AMES, Iowa – On Dec. 17, 2016, a large tree fell on a wedding party near Los Angeles, Calif., killing one and injuring several others. While fatalities from falling trees are uncommon, this incident is a worthy reminder of the importance of properly maintaining and pruning trees in urban landscapes.
Trees are widespread throughout this country’s landscape and are often located in public parks or next to sheds and houses in residential areas. While trees provide shade and protection from wind, their close proximity to valuable property and high traffic areas can create hazards if they are not properly maintained.
“Proper tree maintenance begins at an early age for the tree and continues throughout its life, using training methods to promote strong branch unions and canopy structure,” said Gabbi Edwards, urban forestry specialist with Iowa State University Extension and Outreach. “Continual maintenance creates strong and well-balanced canopies, which, in return, decrease the chance of damage from wind, storms and snow.”
As a tree ages, its branches get larger, leading to larger removal wounds. Completely sealing a large wound is difficult and can leave tissue exposed to pests, diseases and rot. If canopy maintenance has not been practiced throughout the life of a tree, starting late is better than not pruning at all.
“Winter is the perfect time to complete a quick evaluation of your tree’s hazard potential since overall canopy structure and form are easier to see than in the summer,” Edwards said. “Be on the lookout for any dead wood, broken, crossing and rubbing, diseased or hanging limbs.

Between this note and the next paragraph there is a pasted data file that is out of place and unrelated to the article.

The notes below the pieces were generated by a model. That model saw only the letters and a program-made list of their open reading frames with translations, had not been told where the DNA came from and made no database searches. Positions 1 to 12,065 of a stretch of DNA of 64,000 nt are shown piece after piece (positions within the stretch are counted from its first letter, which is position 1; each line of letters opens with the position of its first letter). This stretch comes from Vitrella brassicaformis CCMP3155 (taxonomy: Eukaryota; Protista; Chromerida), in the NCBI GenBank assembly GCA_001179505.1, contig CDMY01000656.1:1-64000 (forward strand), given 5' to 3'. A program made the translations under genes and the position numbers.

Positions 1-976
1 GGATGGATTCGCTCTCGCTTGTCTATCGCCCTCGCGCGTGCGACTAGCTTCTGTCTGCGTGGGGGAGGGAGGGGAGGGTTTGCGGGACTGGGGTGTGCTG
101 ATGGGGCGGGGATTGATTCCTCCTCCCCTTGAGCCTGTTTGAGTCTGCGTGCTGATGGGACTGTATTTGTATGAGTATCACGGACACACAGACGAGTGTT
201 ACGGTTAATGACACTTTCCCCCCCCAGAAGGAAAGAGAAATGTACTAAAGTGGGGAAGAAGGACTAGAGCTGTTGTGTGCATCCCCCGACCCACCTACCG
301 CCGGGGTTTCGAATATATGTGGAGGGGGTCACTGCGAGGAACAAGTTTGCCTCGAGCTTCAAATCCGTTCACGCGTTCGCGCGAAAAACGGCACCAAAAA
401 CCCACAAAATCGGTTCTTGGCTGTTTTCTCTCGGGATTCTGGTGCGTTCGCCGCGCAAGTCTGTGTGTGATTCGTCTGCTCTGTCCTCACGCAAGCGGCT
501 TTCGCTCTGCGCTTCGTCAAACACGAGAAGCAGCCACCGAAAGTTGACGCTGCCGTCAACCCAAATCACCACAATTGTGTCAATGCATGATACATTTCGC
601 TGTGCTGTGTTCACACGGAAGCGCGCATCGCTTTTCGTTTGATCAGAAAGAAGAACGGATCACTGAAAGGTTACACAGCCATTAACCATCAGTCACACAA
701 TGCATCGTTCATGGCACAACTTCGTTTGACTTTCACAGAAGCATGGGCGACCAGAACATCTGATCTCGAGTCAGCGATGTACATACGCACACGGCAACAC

“Another item to be aware of is weak branch unions. Weak branch unions are characterized by the appearance of the branch bark ridge, which is the joining tissue between a branch and the main trunk or stem. The branch bark ridge should be raised and look similar to a mountain ridge across a landscape. If the branch bark ridge seems to be folding inward on itself similar to a fault line, that is a sign of a weak branch union.”
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Weak branch unions can pose a risk of failure at any time throughout the tree’s life. Branches that have weak branch unions with the main stem are perfect candidates for maintenance pruning. Proper pruning techniques are described in ISU Extension and Outreach publication "Pruning Trees: Shade, Flowering, and Conifer" (SUL 5). If a sizable branch needs to be removed or if a branch is a hazard to a building or high traffic area, contact an experienced and insured tree care service to decrease the risk of injury or damage to property.
Falling branches that damage, destroy or injure can often be eliminated before damage occurs by being aware of dead wood, broken branches and weak branch unions. Proper maintenance and pruning promotes a healthier and safer trees for homes and public areas. Take advantage of winter canopy visibility to evaluate trees for potential hazards; removing hazard branches now reduces the risk of failure later.
Photos by Gabbi Edwards.